Software Development
AI / Company culture / Technology

On its 10th anniversary, FiscalNote’s leader reflects on a decade in AI

So far, the company has made a double-digit number of acquisitions, raised over half a billion dollars and grown to about 800 employees. CEO Tim Hwang tells us what's next.

Tim Hwang. (Courtesy photo)

With $625 million raised, more than 10 companies acquired and an IPO, DC’s FiscalNote can say it’s made a good amount of progress in a decade.

The policy software company, founded in 2013, is celebrating its 10-year milestone this summer. For founder and CEO Tim Hwang, the last decade has seen tremendous growth, a changing AI industry and huge financial moves. And for the local leader, the journey isn’t over yet, especially as generative AI takes over the world.

We at first wrote about FiscalNote in October of 2013, when it raised $1.2 million in a seed round from First Round Capital’s Dorm Room Fund, New Enterprise Associates and Mark Cuban — all before it even officially launched. But the company’s beginnings, as Hwang tells it, go back to three recent graduates who “just opened up our laptops and started coding” and lived out of a Motel 6 for the first year because they couldn’t afford rent.

Following that first round, Hwang said, the company grew to about 10 employees the following year and then to 30 in the year after that. From there, it upped to 80 and then 150 employees before reaching the mammoth near-800 global count it boasts as of 2023. At the same time, the company continued to raise, from $10 million in 2015 to $160 million in 2020.

“It was a very deliberate and linear growth in the business,” Hwang told

In 2017, Hwang said FiscalNote leadership decided they wanted more scaled growth at the company and saw the opportunity for consolidating and acquiring “orphaned businesses.” Since then, the company has made more than 10 acquisitions, including CQ Roll Call, fellow Penn Quarter company Fireside, Australia’s TimeBase, parent company FactSquared and the UK’s Oxford Analytica. These assets are spread across the US, Europe and Asia.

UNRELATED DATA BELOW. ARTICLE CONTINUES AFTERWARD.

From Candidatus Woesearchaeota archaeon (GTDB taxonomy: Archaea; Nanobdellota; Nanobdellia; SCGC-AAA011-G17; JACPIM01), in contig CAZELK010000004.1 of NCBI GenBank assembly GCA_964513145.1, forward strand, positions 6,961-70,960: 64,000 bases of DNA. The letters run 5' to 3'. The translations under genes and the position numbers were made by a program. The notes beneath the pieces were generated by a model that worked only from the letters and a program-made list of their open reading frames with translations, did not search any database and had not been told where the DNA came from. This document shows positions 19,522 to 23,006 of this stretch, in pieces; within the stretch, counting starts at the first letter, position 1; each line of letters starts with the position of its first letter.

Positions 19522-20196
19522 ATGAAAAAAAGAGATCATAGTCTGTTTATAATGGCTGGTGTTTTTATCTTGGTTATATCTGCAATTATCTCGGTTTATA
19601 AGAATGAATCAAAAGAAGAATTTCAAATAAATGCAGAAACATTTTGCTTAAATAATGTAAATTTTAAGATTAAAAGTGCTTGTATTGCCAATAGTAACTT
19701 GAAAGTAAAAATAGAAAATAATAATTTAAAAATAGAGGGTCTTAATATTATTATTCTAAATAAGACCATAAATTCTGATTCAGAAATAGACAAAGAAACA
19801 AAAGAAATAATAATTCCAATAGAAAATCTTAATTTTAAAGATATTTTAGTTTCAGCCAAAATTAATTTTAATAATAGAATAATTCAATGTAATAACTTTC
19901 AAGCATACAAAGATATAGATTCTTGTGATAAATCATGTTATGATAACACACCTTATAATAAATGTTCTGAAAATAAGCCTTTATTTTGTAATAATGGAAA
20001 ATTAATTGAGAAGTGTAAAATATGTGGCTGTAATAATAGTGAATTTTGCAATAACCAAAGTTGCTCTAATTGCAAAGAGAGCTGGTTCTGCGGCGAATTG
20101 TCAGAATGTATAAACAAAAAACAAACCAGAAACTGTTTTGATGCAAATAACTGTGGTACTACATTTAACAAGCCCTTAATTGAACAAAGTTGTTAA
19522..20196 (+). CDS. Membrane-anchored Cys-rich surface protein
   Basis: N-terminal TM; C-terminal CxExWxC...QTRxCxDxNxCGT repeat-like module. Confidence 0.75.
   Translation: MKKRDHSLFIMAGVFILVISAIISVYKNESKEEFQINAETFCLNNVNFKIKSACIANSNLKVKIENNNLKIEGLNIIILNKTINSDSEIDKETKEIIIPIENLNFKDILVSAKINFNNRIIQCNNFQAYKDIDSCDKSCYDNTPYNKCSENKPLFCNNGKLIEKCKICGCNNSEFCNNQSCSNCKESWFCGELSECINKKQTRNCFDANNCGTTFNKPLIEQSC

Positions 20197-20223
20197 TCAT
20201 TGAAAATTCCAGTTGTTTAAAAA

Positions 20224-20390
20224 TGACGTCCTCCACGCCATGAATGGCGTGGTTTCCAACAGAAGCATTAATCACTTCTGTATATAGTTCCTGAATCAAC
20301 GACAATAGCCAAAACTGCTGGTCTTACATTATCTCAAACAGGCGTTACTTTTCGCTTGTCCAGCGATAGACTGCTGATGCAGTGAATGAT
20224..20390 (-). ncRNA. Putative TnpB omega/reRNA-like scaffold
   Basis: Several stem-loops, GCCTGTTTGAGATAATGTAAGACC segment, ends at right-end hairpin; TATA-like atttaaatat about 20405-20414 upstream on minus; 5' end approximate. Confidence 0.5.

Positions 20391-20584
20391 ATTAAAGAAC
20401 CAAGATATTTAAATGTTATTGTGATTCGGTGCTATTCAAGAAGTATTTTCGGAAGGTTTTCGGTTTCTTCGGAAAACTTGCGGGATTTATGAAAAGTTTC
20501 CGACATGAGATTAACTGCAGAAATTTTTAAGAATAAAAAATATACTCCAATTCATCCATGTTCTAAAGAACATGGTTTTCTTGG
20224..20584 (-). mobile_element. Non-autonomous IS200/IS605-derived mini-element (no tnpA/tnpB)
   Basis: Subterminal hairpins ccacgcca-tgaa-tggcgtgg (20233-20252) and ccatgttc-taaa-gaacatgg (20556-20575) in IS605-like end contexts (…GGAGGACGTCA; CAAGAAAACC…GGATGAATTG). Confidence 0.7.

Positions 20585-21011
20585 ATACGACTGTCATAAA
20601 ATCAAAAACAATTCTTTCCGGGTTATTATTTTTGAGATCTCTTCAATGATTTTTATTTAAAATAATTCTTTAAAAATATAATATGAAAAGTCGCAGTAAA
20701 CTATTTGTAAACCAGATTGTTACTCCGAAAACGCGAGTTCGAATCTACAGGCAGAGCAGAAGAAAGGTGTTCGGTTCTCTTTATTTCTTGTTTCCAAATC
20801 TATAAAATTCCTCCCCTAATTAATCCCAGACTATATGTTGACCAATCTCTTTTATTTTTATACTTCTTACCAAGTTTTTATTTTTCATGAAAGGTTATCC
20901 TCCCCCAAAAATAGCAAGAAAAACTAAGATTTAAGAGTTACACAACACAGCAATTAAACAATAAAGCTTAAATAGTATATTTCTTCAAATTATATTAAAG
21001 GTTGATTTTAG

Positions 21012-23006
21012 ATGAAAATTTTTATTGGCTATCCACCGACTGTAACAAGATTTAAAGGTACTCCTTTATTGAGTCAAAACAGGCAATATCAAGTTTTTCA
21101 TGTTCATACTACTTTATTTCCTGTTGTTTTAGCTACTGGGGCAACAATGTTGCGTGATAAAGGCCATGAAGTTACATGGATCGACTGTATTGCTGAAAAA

Such a global presence, Hwang said, is a far cry from the early days when many didn’t even understand what the AI-based software company did.

“I remember just pitching FiscalNote over and over and over again on startup pitch days, and in front of investors and bankers and executives and candidates, over and over and over and over again,” Hwang said. “And a lot of people didn’t get what we do.”

Now, FiscalNote alums are heading off and starting their own successful companies. Moreover, the market looks much different than it did when the company began: Hwang said that the last nine months saw an explosion of interest in AI from the public and customers — which hopefully puts FiscalNote at an advantage, as it’s worked with the technology for so long.

With that in mind, Hwang said he’s committed to remaining with the company, even after the IPO. He’d like to see FiscalNote grow to five or 15 times its current size and plans to continue expanding geographically, as well as digging further into its government business. He’d like to enhance some of FiscalNote’s existing platforms around key government challenges like misinformation — and he’s excited to see how public interest will help AI grow.

“Being an AI company pre-last year was a slog, for sure,” Hwang said. “Now, I think it’s just starting to get fun in terms of the level of interest and opportunities, and the potential of the marketplace overall.”

Companies: FiscalNote

Knowledge is power!

Subscribe for free today and stay up to date with news and tips you need to grow your career and connect with our vibrant tech community.


UMD and IonQ built a National Quantum Lab in College Park

After acquiring a DC-area company, Qualtrics just opened a new office in Reston

NoVa's Empower wants to help drivers keep more of their profits

The Tech Behind: Meet the folks powering DC’s i-team

Technically Media